“My sophomore year, we were extremely close to winning,” Major said. “It really hurt when we didn’t. Last year we got third. This year, knowing how close we’ve been, it’s a surreal feeling, knowing we’ve worked so hard. It’s an awesome feeling.”


“I remember my freshman when we went on the spirit bus, we got to watch them at state and it was sad for me to watch them not win,” Greer said. “Then my sophomore year came and we got runner-up, which I was very sad about, but it’s still amazing. My junior year was a little harder, but this year I’m so happy we won, especially competing against a private school (Pulaski Academy).”


In addition to the six seniors, there are a large number of sophomores — the aforementioned Chanhnouvong and Farris, Lilah Battles, Vivian Beneux, Madison Couch, Kenadie Farris, Taryn Greer, Haylei Moses, Daimya Parker, Slade Sargent, Leah Tally, and Kensington Wadkins.


The program's two managers include senior Emma Bullard and sophomore Landen Coursey. 


Alma’s dance squad isn’t seasonal, the coaches will tell you. Early morning workouts, scheduling around other sporting activities, and getting everyone to buy in doesn’t happen with just a few practices. 


“There is a lot of work behind the scenes with our choreographers to get the music and routines to where they need to be for the kids to learn them in June and July,” Murray said. “The team starts summer practices about one or two weeks after tryouts, and they practice four times a week for the entire summer, minus the AAA (Arkansas Activities Association) two-week dead weeks.”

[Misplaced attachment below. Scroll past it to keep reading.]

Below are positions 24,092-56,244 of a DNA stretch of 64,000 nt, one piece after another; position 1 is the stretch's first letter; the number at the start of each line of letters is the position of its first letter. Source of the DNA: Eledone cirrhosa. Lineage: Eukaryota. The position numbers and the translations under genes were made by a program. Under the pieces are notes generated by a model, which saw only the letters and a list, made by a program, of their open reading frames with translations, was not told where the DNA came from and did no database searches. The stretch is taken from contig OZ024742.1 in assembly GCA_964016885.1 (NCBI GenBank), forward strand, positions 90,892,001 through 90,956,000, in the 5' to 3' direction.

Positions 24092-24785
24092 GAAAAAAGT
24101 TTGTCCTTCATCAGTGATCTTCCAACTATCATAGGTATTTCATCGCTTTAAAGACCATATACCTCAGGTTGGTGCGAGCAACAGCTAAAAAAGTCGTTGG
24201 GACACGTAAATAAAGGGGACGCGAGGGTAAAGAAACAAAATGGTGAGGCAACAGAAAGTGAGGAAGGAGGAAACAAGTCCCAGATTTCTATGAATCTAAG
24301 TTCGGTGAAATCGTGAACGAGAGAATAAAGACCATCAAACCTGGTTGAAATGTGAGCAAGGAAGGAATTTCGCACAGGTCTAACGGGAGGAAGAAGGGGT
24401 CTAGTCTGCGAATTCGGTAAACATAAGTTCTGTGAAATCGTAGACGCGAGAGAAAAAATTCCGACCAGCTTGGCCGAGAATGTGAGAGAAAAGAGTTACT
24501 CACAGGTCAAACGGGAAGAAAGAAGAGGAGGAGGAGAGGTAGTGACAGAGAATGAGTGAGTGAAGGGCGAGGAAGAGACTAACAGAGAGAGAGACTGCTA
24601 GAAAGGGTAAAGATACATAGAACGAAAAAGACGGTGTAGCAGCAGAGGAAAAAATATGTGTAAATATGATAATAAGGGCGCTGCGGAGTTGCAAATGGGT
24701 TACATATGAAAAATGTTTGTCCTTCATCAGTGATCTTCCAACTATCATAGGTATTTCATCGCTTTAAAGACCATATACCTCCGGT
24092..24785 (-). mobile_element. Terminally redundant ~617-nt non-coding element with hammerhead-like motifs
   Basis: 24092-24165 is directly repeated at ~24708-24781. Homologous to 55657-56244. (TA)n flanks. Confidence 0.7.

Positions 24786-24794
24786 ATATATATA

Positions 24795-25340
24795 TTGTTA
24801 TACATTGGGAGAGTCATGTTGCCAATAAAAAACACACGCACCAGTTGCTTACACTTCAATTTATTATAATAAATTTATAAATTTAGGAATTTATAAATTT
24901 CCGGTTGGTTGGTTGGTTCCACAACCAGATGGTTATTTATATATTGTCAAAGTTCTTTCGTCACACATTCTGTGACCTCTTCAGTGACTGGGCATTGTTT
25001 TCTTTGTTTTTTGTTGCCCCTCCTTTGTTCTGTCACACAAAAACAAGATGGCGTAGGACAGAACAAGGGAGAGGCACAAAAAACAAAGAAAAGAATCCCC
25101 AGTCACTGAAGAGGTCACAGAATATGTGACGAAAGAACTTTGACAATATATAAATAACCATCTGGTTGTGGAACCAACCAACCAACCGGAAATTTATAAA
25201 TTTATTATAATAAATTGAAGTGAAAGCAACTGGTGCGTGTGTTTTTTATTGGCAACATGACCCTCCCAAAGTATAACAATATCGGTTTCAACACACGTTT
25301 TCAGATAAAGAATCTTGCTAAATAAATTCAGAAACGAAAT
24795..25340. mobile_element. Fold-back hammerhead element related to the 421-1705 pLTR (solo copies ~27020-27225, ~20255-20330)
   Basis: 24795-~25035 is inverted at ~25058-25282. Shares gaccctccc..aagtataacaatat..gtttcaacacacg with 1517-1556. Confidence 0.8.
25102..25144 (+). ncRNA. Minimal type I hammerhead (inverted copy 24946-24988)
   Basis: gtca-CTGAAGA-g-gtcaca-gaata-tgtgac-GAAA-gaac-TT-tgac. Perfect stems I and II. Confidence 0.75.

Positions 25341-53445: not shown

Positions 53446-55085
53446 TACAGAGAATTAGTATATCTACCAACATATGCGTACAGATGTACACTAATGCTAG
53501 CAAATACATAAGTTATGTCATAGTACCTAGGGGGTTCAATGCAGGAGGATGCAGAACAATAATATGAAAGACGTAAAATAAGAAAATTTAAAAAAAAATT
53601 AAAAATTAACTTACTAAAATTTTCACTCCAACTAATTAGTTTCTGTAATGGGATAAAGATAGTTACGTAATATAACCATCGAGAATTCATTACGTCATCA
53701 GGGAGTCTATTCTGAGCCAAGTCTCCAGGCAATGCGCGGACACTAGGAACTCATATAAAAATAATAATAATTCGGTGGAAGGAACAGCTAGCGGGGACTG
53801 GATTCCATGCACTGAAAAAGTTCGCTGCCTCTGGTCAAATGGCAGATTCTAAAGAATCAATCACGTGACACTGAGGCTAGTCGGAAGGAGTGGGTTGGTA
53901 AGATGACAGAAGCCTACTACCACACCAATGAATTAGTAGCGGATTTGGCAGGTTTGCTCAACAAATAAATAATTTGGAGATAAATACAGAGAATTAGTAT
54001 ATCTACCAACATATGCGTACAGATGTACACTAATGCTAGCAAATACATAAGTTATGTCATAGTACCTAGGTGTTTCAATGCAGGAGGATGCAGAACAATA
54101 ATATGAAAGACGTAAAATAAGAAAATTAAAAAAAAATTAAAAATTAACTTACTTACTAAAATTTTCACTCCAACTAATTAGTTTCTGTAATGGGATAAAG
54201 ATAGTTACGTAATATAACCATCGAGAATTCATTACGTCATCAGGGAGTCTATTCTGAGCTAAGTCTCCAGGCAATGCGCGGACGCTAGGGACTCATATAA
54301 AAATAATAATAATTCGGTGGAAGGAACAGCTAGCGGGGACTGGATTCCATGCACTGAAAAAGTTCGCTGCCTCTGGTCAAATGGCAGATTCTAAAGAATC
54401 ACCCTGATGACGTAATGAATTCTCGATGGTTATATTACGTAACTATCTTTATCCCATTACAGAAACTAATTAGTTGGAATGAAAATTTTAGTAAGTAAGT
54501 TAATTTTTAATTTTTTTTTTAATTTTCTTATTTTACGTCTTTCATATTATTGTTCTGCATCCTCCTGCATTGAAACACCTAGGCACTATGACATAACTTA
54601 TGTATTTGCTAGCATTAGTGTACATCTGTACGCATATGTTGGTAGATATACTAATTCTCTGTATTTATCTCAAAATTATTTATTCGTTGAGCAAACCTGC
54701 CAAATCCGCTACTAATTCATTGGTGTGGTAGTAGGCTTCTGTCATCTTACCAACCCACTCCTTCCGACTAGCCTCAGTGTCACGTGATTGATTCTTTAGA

Murray said “it took about 56 hours of choreography” to learn all three routines for the state competition. 


“Then, on the second of school in August, we begin 6 a.m. practices three times a week through September, and have both morning and afternoon practices on competition weeks in October and November,” she said. “They also have ballet and skills practices on Tuesday afternoons throughout the year.”


The state title victory is a culmination of all that work. The giant team framed photographs that adorn the walls in Charles B. Dyer Area speak volumes. 


“We have a legacy of success to uphold and that’s something all of the coaches and team members take seriously and want to live up to,” Westra said. “Alma Dance is a family, a competitive one for sure, but a family nonetheless and we support each other through thick and thin and want to see each other succeed.”


Murray said a number of sophomores were members of last year’s first-ever freshman squad. 


“This group has been self-motivated and driven since before tryouts last May,” she said. “Also all of the sophomores on the team (besides the two who were on varsity last year) came from our very first freshman team last year, so they have been training with and watching varsity for some time now. 


“Coach Hill and Coach Westra did a wonderful job training the sophomores last year to be prepared to not only make the varsity team but to push Varsity to be better than years before.”